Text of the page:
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Arch Biochem Biophys. 2011 Apr 15;508(2):227-33. doi: 10.1016/ Epub 2011 Feb 1.

Interactions between GIPC-APPL and GIPC-TRP1 regulate melanosomal protein trafficking and melanogenesis in human melanocytes.

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Department of Dermatology, University of Wisconsin, Madison, WI 53706, USA.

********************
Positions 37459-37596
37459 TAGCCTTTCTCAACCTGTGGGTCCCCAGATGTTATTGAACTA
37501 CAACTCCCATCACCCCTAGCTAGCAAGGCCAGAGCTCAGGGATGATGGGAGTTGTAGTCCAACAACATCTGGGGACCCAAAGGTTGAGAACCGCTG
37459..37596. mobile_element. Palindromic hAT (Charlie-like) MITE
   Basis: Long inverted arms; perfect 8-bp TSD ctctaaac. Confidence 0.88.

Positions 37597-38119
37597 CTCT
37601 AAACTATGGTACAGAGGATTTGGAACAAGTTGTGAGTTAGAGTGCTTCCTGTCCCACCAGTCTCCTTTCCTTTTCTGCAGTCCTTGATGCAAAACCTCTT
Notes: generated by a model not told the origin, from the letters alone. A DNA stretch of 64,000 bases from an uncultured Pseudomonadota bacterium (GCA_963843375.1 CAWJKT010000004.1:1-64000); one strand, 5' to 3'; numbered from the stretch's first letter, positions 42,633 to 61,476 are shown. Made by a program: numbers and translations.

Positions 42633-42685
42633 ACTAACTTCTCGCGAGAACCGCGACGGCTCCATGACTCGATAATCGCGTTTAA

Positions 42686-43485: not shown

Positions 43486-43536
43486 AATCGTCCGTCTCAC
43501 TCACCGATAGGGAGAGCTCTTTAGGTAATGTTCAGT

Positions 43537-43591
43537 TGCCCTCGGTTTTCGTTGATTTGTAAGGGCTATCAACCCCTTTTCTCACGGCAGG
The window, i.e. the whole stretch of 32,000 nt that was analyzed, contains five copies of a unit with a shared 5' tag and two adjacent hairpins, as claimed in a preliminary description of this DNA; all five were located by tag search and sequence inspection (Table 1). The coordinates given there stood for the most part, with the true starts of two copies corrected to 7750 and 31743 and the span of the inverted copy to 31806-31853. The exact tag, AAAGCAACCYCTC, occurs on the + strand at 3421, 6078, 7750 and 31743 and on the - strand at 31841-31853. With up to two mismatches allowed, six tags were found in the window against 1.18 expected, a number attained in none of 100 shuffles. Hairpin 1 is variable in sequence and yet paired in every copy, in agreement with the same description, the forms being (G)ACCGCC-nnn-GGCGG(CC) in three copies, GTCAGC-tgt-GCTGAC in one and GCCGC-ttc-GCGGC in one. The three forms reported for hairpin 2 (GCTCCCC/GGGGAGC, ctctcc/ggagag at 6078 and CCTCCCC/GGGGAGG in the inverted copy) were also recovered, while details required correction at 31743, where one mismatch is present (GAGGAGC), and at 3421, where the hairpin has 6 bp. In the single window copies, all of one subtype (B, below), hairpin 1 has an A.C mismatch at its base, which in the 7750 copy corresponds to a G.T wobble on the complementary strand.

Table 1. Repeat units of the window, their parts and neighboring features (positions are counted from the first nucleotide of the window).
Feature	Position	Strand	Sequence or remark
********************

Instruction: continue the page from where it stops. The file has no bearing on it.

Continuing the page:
By virtue of the presence of multiple protein-protein interaction and signaling domains, PDZ proteins play important roles in assembling protein complexes that participate in diverse cell biological processes. GIPC is a versatile PDZ protein that binds a variety of target proteins in different cell types. In previous studies we showed that, in epidermal melanocytes, GIPC interacts with newly synthesized melanosomal protein TRP1 in the Golgi region and proposed that this interaction may facilitate intracellular trafficking of TRP1. However, since GIPC contains a single PDZ domain and no other known protein interaction motifs, it is not known how GIPC-TRP1 interaction affects melanosome biogenesis and/or melanin pigmentation. Here, we show that in human primary melanocytes GIPC interacts with AKT-binding protein APPL (adaptor protein containing pleckstrin homology, leucine zipper and phosphotyrosine binding domains), which readily co-precipitates with newly synthesized TRP1. Knockdown of either GIPC or APPL inhibits melanogenesis by decreasing tyrosinase protein levels and enzyme activity. In melanocytes, APPL exists in a complex with GIPC and phospho-AKT. Inhibition of AKT phosphorylation using a PI3-kinase inhibitor abolishes this interaction and results in retardation TRP1 in the Golgi. These data suggest that interactions between TRP1-GIPC and GIPC-APPL-AKT provide a potential link between melanogenesis and PI3 kinase signaling.

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